-Hi, I'm Juli Auclair. Welcome to Baby Basics. One of the biggest misconceptions about breastfeeding is that it comes naturally to every woman and that your baby will just latch right onto your breast and start feeding right away. Well, for some women, it can be very difficult. Right from the beginning, don't feel defeated about this. You can do it. If you're patient and you get the support that you need, your baby will be thriving on your breast milk in no time at all. So, a lactation consultant is gonna give us some important advice that may make getting started a whole lot easier. -Jessica, it seems like the baby is kind of hungry. -Uh-huh. -Jessica is a brand new mom to three-week-old Luna and she's really starting to get the hang of nursing, but she needs a little help with how to hold her baby during the feedings. -We're gonna start with a cross-cradle position. -Okay. -Lactation consultant, Stacey Brosnan, uses plenty of pillows and knows just how to position little Luna to make the feeding go much more smoothly. -So, I'm gonna help you to tuck the baby's arm underneath. That's right. Now, cup your breast using the C-Hold. All right, okay. Line her up nose to nipple with you,-- -Uh-huh. -tickle her lower lip, and when she opens wide, bring her in. Nice. Nice. -Yeah. -Luna latches right on. -So, now, how does this position feel to you? -Very comfortable. -But Luna starts to slide off the nipple a bit, nursing just on the end. -You don't want her to be on the end of the nipple. You rather have her deeply on to the breast so that she's covering a good portion of the areola. -Take a look at how Stacey gently pulls Luna's lower lip down, just a bit. -That's what we're looking for. Because if her lips are out against the breast, she can get a good mouthful of milk. -One question many new moms have is, "How do I know if my baby is getting enough milk?" -Once you latch the baby on, you should listen for that nice gulping sound, you know, that audible swallowing. If a baby is doing at least about 15 to 20 minutes of audible swallowing during feeding, chances are they're getting sufficient amount of milk. -Another good way to know your baby is getting enough breast milk? -What goes in must come out. So a baby should have at least six to eight wet diapers a day, really soaked wet diapers,-- -Okay. -and at least three to four really good mustard-colored [unk] stools. Okay, Jessica, now, we're gonna practice a football hold just to give you a variety. -This hold is great for small babies and moms with larger breasts. -Your hand position is right behind the baby's neck and shoulder. Just move this. And then your arm comes right along her spine just like you have. Right. She is nice and close. And just like we did in the other position, you can use the elbow to pull her butt nice and close to you, which angles the chin into the breast and the nose up off the top of the breast. -Some moms prefer this variation of the football hold. Here, Luna is almost sitting upright. -You're gonna face front. You're gonna hold her and just bring her straight on. There you go. There you go. Sitting straight up in this position, the inner ears are stimulated and they tend to stay awake a little bit longer. One thing that sometimes confuses new moms is how to know when to switch breasts. You should start on one breast and listen for swallowing. About 15 to 20 minutes into the feeding, when your baby starts to slow down a little, take her off, burp her, and offer the other breast. She may or may not want more. -That is especially in the beginning. Many babies don't demand to be fed frequently enough to get the nutrition they need. -So Stacey says it's helpful to have a schedule. She recommends feeding your newborn eight to 12 times a day in a 24-hour period. A breastfed baby needs to eat approximately every two to three hours during the day and shouldn't go longer than three to four hours between feedings at night. -That's looks really good. How does it feel? -Just great. -But it doesn't always feel great when you're just starting to breast-feed. Stacey says your nipples may be sore at first, but you shouldn't be in pain. -I'm not talking about searing pain. I'm not talking about cracked, bleeding nipples, but just soreness. -Uh-huh. -That shouldn't persist more than maybe say two or three days. If you are experiencing real pain when the baby latches on and it persists throughout the feeding or say your nipples are cracked and bleeding, then I would say it's time to seek help from a professional. -You can always call a lactation consultant or a nurse for advice, maybe something as simple as adjusting how your baby is latching on. Finally, how do you know when your baby has had enough? -See now how she came off the breast herself? -Uh-huh. -And she seems so relaxed, you know? That's the sign of a really good feeding when the baby comes off and just sort of lays back in that relaxed state and then-- -The most important thing is not to get discouraged and don't compare yourself to other mothers. Most moms say breastfeeding gets easier as time goes on, and once you figure out what works best for you and your baby, it can be an incredibly rewarding experience for both of you. Need more advice on how to care for your newborn? Well, check out our other informative Baby Basics videos. Also, if you like more information on any of the fabulous furniture that you saw in our nursery, go to egiggle.com. Thanks for watching Baby Basics on Parents TV, your source for the best information for your growing family. -Thanks for watching Parents TV. -For more information, please visit our website at selectondemand.com or e-mail us at firstname.lastname@example.org made for On Demand.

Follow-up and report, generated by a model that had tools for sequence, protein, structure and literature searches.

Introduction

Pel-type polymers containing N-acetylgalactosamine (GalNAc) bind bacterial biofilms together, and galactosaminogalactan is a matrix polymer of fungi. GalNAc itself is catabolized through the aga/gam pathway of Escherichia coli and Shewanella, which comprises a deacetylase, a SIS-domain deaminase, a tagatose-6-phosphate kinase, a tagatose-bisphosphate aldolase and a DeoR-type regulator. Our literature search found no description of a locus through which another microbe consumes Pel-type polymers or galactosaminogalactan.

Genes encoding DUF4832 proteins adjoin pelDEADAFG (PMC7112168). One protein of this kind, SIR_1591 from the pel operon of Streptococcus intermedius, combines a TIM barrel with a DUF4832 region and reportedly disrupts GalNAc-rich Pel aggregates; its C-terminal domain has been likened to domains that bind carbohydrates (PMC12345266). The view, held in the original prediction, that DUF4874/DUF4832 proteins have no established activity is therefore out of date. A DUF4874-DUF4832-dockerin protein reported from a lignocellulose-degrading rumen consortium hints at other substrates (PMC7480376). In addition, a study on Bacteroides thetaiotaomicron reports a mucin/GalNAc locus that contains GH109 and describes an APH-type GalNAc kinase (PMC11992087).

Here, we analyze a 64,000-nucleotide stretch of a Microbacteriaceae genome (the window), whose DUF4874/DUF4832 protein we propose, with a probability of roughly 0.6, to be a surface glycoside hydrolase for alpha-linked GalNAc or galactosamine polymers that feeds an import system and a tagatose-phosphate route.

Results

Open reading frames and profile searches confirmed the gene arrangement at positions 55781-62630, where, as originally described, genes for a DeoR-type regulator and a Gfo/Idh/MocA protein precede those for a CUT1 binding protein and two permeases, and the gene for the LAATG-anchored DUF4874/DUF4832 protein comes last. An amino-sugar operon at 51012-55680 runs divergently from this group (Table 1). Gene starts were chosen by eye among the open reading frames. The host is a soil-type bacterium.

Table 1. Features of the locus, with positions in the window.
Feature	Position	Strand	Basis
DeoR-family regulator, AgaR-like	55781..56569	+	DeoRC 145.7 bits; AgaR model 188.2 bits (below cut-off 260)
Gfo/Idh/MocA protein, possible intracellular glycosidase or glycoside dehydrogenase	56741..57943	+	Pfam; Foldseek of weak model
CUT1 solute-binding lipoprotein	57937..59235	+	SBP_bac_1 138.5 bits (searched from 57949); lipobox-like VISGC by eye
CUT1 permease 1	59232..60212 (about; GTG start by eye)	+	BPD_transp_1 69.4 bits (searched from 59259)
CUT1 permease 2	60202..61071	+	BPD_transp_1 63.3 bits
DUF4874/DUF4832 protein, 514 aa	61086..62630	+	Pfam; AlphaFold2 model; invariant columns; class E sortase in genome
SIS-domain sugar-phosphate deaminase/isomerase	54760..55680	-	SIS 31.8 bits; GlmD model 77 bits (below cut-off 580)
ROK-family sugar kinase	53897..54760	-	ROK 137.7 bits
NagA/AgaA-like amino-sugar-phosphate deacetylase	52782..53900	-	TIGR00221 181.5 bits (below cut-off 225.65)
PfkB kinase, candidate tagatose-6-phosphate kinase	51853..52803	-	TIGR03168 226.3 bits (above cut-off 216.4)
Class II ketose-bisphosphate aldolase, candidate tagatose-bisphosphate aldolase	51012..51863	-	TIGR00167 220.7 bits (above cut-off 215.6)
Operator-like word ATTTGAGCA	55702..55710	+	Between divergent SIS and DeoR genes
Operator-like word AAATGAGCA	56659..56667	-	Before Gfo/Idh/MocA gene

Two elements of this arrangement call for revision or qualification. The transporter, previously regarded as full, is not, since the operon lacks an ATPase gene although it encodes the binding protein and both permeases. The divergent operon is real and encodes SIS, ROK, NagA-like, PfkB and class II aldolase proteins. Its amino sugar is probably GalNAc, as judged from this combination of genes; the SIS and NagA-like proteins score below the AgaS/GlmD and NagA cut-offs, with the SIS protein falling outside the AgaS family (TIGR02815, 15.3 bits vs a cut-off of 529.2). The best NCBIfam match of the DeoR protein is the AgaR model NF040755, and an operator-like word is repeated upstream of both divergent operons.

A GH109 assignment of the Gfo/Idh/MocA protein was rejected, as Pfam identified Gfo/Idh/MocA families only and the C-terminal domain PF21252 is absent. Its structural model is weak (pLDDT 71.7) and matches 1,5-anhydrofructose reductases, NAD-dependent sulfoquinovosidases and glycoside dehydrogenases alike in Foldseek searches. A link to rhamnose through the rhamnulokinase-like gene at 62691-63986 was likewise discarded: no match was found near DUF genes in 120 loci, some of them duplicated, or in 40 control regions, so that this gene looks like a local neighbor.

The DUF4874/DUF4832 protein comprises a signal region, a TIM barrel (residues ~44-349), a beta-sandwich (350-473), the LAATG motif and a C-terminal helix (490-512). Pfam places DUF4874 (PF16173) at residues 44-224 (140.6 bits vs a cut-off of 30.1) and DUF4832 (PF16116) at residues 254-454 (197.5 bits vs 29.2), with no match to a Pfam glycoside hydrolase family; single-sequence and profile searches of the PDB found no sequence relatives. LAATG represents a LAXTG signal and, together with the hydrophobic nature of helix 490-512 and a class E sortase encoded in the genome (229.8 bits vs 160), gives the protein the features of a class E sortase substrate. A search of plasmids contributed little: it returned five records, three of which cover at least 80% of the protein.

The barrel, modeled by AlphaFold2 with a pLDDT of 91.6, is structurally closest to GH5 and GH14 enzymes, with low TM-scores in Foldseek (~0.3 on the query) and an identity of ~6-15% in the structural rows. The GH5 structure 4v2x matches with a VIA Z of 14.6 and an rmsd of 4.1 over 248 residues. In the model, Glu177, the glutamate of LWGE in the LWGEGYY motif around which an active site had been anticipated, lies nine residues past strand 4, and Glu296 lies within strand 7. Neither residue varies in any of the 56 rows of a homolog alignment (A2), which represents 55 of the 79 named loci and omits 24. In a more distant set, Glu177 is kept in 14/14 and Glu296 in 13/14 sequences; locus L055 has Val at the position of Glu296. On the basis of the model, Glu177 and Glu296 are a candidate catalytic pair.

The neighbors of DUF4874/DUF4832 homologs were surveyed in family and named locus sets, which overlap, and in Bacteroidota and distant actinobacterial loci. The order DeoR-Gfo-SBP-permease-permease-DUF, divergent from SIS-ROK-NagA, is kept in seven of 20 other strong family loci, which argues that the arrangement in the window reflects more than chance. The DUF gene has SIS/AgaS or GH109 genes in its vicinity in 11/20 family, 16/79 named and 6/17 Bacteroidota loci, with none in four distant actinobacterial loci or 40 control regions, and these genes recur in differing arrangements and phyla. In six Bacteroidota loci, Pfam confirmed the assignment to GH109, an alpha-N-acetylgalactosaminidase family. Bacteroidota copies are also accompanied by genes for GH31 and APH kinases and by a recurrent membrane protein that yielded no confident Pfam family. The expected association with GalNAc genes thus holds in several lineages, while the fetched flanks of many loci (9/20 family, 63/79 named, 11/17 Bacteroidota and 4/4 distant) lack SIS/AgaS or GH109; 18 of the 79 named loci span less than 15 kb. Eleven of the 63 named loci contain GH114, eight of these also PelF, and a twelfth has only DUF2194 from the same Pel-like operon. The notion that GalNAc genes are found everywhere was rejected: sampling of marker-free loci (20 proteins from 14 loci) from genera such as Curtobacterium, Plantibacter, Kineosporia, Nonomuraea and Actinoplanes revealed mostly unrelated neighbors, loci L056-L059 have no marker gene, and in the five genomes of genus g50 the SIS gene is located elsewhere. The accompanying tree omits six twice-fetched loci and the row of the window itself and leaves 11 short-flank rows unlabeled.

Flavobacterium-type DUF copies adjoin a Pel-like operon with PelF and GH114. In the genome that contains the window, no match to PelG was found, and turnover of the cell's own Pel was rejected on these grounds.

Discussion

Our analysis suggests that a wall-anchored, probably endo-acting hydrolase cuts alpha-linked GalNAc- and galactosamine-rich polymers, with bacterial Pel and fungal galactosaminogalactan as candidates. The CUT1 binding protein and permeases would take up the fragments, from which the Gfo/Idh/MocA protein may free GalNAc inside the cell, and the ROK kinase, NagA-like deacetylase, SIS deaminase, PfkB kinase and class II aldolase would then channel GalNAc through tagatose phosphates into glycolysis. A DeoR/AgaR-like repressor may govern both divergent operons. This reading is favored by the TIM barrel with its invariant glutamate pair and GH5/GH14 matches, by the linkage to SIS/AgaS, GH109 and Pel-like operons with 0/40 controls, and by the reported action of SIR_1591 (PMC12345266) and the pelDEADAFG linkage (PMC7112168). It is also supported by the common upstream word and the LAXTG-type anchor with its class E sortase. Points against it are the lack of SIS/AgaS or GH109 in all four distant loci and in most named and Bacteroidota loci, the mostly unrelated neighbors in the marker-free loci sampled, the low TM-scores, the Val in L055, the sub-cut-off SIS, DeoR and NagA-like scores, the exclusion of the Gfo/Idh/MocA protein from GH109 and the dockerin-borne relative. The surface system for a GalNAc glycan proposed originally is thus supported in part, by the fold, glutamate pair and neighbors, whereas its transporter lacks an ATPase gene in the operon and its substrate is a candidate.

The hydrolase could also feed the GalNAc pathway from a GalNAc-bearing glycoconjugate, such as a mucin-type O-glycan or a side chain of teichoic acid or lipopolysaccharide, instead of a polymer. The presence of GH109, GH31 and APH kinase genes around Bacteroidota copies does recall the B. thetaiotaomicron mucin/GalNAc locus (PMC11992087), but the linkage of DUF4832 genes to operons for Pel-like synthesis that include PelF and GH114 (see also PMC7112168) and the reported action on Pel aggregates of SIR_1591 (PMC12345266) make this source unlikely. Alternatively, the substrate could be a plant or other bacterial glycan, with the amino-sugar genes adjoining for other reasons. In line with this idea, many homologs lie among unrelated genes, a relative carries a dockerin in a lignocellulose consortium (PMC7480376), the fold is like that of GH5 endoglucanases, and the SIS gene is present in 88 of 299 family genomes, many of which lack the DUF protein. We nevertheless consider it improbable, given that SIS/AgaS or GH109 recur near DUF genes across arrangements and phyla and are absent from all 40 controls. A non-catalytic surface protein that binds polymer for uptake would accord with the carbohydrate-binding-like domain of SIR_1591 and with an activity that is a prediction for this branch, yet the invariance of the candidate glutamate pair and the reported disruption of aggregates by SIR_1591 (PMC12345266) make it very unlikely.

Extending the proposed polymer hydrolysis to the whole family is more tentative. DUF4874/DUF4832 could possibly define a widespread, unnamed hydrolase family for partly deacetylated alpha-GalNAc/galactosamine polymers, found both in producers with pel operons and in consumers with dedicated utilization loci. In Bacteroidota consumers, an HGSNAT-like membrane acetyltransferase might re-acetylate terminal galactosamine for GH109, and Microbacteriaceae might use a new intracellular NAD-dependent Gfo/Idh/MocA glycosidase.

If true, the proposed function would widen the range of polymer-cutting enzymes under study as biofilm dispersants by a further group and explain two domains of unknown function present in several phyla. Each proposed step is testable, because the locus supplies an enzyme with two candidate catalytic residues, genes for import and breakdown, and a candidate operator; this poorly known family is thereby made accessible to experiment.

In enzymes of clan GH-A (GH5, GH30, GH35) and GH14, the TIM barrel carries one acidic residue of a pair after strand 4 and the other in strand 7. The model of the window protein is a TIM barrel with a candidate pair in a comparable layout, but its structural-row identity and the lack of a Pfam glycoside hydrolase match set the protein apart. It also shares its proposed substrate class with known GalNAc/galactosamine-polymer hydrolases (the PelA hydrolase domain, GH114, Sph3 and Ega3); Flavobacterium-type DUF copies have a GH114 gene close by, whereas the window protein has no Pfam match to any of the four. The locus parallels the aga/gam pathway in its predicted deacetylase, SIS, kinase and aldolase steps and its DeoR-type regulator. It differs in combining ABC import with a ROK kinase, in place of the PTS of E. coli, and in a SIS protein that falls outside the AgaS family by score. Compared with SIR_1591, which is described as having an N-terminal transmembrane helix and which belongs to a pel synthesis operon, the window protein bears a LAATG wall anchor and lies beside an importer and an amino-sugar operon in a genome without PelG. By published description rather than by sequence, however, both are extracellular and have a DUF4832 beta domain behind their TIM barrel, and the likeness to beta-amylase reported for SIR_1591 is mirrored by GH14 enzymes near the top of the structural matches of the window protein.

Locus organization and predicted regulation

-Hi, I'm Anne Ebeling. You're watching Parents TV. Are you tired of feeding your baby the jarred-stuff or maybe your child is ready for something a little bit more substantial but you don't know where to start. Well, fret no more, the moms here at Baby Yums in New York are about to show us some fresh, easy recipes that will satisfy the tiniest tot or even the pickiest toddler. Thomasina Forbes and Ginger Dhaliwal are some of the freshest moms in Manhattan. Hitting the kitchen to whip-up fresh healthy options for their little one, Ginger and Thomasina don't just make fresh food for their own babies, they teach other moms to do the same. And that's how their business called Baby Yums was born. -And I think that's one of the things that are clasp these days, is told parents that, you know, eating is a skill and it's important to sort of experiment with the textures and the types of foods that you're giving your child, so that they can build that skill in them and eventually have a very healthy eating habits when they grow up. -They give moms guidance, taking them through their baby's taste one step at a time. -Most pediatricians don't emphasize on what food to start. They just say, 'oh, you can start solid' and they send them to the store and there's just bunch of different jarred food that's offer out there and then they do a stage one, two, three and then they say 'okay, where do I go now, what can I buy to-- what do I buy next?' They get very confused and its better off that you just start from scratch then you don't have to go through that period. -And while the moms admit that taking time-out to prepare your baby meal is a labor of love, it may be easier than you think. -We're busy moms, we don't expect you stay in the kitchen. We don't want you to make for your infant, your 5-year old and your husband and yourself or whoever comes along. We just want you to make one meal and get on with it and enjoy spending time with your children or whatever you need to, for your personal life as well. -Plus, many of their recipes can be frozen and eaten later. So, you don't have to spend hours flaming over a hot stew. -It's very easy because you can bake-- but-- sweet potato, butternut, squash, apple, pears, all in the oven within an hour. And then you have two weeks' worth of baby food in the freezer and you don't have to do it again in another two weeks. -So, let's get to the good stuff -- the food. First up, a pear puree, perfect for your little gnashing novice. Start off by peeling the pear and slicing it into long pieces, removing the seeds as you go then just wrap it in tinfoil and it's ready to go in the oven. -Depending on the size of the pear. It will be at 375 in the oven for 20-25-minutes. -Once it's done, unwrap the tinfoil and pop it in the blender until its nice and smooth. Then you can put it in an ice cube tray like this one, which can be frozen and then found again in the refrigerator when baby needs to eat. -We particularly like this ice cube tray because it has the silicon back to it and you can actually take out the cubes very easily and each cube is one-ounce. And one tray is efficient for, like, two weeks of baby food, when they're first starting off solids. -Now for some super soft meatballs with veggies and a pasta. -These are meatballs and for beginners with not that many molars, we recommend fatty cut-off meat just because it's softer. So, instead of a 93% cut, you probably want 83% lean ground beef. -Instead of salt, Thomasina and Ginger used grated parmesan cheese in their meatballs, as well as basil, garlic, garlic powder and a bread crumbs. -So, I'm just gonna sear this. -While the meatballs are cooking, Thomasina says to go ahead and start sautéing the veggie. -And for the non-vegetable eater, you can add as many different varieties of vegetables as you like into the meatball sauce because it would hide the vegetables. It's a great way to cheat. It has onions, mushrooms, zucchini, red pepper, and if you like you can add the yellow zucchini, you can add squash, you can add eggplant, anything you like. The meatballs are sizzling a little bit, I'm just gonna turn them over. And be very gentle because they're really soft. Once the meatballs are sear just add them to pasta sauce and let the whole thing simmer for 20 minutes. -Now, in the meantime, you can cook the pasta on the side. And just keep this on the stove, so we can go on and play-- do play-doh, or do a little crayon with your child. That's it. -Now the food's all finish and ready to eat. Here we have dish cakes, super-soft meatballs with veggies and pasta, a sweet potato muffin and milk poached fish with sautéed vegetables. Now Ginger and Thomasina did say that the food is also adult friendly, so I'm gonna give it a try myself. Really, really great. For more information on how you can make your own baby food, just go to babyyums.com. Thanks for watching Parents TV, your source for the best information for your growing family. -Thank you for watching Parents TV; our families, our lives.